Susan Smith has worked as an editor and writer in the technology industry for over 16 years. As an editor she has been responsible for the launch of a number of technology trade publications, both in print and online. Currently, Susan is the Editor of GISCafe and AECCafe, as well as those sites’ … More »
An Engineering Approach to Big AEC Data
April 24th, 2015 by Susan Smith
Environmental Systems Design is a consulting engineering firm that addresses the AEC industry. According to vice president ESD Global, the company does all the engineering in the building that you can’t see “but you really notice unless it doesn’t work, such as, heating, cooling, electrical, lighting, low voltage work, computer networking and data centers.”
Anderson said they design a lot of hospitals, commercial office buildings, no residential unless they are highrises, and do everything but structural and civil.
ESD Global can assemble project teams from a professional pool of 275+ people that allows the firm to explore, collaborate, and share lessons learned from their diverse staff and utilize best practices when developing options and solutions to design challenges. Approximately 200 of their staff are engineers, the rest support staff. Their main office is in Chicago, with satellites in Dallas, a startup office in San Francisco, and an office in Abu Dhabi. They work with a number of large architectural firms.
The environment and sustainability are primary to ESD Global’s work. Most recently they have completed the design of the world’s tallest building, the Kingdom Tower in Abu Dhabi. They work with major CAD software companies such as Autodesk.
Another solution that “you don’t notice unless it doesn’t work” is a cloud based storage system. ESD Global uses Nasuni cloud based storage system with local appliances for their primary office storage. This solution takes snapshots of their data once an hour and pushes it into the cloud.
“We picked them because we have 18 terabytes of project information and our problem was that our existing backup systems couldn’t handle that much data and have a decent frequency of backup,” said Anderson. “So we were looking for solutions to protect our data. We figured that with a traditional back up system, we weren’t going to keep up with the data growth we had. We would have to buy a data back up system every year – it would be obsolete in a year because it wouldn’t be able to handle the load. Also, the older the stuff gets, the harder it is to pull it up and use. We were looking at cloud backup systems so we could protect all our data all the time and have free scalability so we don’t have to worry about how much data we have. Our data can grow, and the cloud based solutions should be able to scale with growth easily.”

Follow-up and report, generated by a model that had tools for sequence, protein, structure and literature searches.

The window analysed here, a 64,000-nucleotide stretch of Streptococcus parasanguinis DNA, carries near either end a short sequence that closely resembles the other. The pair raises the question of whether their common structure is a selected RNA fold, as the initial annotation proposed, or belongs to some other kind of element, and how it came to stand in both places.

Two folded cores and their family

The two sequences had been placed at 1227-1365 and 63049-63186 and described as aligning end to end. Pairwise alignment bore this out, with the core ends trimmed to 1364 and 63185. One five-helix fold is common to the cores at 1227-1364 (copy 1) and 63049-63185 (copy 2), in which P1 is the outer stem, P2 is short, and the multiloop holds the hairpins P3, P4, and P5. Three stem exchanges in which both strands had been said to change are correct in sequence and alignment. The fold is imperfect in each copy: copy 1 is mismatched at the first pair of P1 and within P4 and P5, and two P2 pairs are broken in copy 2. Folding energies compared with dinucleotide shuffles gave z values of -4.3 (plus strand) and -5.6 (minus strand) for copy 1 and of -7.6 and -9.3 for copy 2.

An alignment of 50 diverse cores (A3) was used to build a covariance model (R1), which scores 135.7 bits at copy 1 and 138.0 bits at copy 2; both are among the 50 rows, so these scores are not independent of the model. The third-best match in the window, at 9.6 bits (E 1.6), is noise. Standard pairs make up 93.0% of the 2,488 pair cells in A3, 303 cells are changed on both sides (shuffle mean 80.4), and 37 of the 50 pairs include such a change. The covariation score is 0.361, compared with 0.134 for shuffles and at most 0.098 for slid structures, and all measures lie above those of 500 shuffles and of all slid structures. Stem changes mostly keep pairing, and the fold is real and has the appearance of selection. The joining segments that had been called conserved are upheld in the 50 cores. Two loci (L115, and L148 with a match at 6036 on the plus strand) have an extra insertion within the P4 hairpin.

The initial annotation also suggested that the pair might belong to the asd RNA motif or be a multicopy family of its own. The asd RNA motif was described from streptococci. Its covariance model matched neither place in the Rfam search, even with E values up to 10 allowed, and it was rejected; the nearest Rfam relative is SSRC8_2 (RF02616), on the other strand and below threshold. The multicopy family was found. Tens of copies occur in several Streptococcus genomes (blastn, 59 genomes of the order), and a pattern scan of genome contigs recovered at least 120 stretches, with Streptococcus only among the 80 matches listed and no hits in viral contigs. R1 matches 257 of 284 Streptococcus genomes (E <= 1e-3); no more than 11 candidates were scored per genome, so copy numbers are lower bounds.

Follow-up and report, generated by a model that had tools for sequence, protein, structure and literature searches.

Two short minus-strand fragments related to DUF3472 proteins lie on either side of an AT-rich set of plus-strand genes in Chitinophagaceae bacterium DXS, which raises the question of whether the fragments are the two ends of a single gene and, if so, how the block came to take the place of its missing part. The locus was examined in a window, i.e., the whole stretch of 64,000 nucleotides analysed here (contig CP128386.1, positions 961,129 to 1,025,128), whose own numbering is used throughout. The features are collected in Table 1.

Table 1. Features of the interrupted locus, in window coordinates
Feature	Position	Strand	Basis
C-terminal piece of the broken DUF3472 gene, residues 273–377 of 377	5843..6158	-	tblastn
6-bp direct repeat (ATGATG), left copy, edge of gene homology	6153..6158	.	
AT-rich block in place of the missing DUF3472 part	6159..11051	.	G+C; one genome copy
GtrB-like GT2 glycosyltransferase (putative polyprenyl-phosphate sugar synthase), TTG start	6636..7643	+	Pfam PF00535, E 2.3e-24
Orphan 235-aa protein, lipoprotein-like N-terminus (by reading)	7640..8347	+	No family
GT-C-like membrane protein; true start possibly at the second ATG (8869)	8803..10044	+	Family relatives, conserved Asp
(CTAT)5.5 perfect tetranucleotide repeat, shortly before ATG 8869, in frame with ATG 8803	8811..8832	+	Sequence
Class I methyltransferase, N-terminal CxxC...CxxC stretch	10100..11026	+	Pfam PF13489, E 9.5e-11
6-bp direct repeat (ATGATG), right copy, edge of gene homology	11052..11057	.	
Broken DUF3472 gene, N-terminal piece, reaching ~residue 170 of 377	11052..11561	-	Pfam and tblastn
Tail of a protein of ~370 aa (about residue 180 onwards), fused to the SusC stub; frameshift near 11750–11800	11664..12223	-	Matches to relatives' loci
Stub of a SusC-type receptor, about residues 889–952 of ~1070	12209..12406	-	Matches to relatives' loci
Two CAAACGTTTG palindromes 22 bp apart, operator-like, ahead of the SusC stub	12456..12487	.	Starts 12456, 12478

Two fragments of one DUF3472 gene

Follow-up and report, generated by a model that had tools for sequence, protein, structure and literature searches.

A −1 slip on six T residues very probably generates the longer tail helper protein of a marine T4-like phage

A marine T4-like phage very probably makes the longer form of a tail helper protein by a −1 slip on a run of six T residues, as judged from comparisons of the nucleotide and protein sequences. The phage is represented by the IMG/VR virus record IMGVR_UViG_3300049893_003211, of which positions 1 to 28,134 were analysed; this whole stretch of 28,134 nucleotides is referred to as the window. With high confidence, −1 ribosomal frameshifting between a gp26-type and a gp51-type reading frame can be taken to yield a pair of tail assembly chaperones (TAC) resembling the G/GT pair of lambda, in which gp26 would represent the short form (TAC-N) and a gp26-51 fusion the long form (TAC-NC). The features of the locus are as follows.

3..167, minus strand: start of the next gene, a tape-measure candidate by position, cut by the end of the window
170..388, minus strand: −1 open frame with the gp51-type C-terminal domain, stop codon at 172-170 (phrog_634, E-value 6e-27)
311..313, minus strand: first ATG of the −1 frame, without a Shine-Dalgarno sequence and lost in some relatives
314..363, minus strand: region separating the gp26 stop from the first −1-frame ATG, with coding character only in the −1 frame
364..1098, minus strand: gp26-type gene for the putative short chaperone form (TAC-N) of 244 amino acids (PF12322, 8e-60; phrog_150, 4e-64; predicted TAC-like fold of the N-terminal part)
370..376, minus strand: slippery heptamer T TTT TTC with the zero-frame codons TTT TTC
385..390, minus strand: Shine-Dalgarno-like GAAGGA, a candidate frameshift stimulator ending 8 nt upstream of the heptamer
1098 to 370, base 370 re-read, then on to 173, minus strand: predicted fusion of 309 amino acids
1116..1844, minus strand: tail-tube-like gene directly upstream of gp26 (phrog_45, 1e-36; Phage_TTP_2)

“After looking at several cloud based solutions, Nasuni provided us with what we needed – scalability and a good price point,” said Anderson. “we only had to pay priced upon base storage. They don’t price it according to how many snapshots you take or how far back you go. It allowed us to go back in history from the initial time we put the file up there, where other solutions would only allow you to go back 90-100 days. They have local servers that we have in the office, then they cache the data into these local servers so that users are just accessing the data on a LAN and not going to the cloud to access data. It is backed up in the cloud but being accessed by the local file servers. We get a good performance because we’re working with a LAN – our files are big and complex because of computer graphics so we can’t be directly connected to the cloud to get data because that would be too slow.”
Anderson said they were looking for scalability, network performance, and being able to access historical data without any limit on how many days back you can go. Nasuni provided all those things.
The engineers are just pointed to the local file servers. Once an hour in the background the file servers push any new data into the cloud. If the engineers accidentally delete something they can go back to the last hour and pull it down.
ESD Global is charged per terabyte and annually, but there are no extra charge. “We have a technical person assigned to our account, and we have a weekly discussion with him on what we’re trying to do,” said Anderson. “If we have one of these filers in the cloud give permission to access data, they can have access to exact same data we have here internationally. All our offices can all share data. In the newest version they have global file locking so if someone opens the file in one location it locks the file to other locations so they only get read only version.
Nasuni Provides Storage as Service AECCafe Voice
Tags: AEC, architects, architecture, Autodesk, Autodesk Revit, BIM, building design, building information modeling, CAD, Cloud, collaboration, construction, design, engineering, engineers, ESD Global, Kingdom Tower, mobile, reality capture
Categories: 2D, 3D, AEC, AECCafe, architecture, AutoCAD, Autodesk, BIM, building information modeling, Cloud, collaboration, construction, data archiving, engineering, ESD Global, field solutions, file sharing, global locking file systems, IES, IFC, infrastructure, integrated project delivery, LEED Gold, managed services, mobile, point clouds, project management, reality capture, render farms, rendering, site planning, sustainable design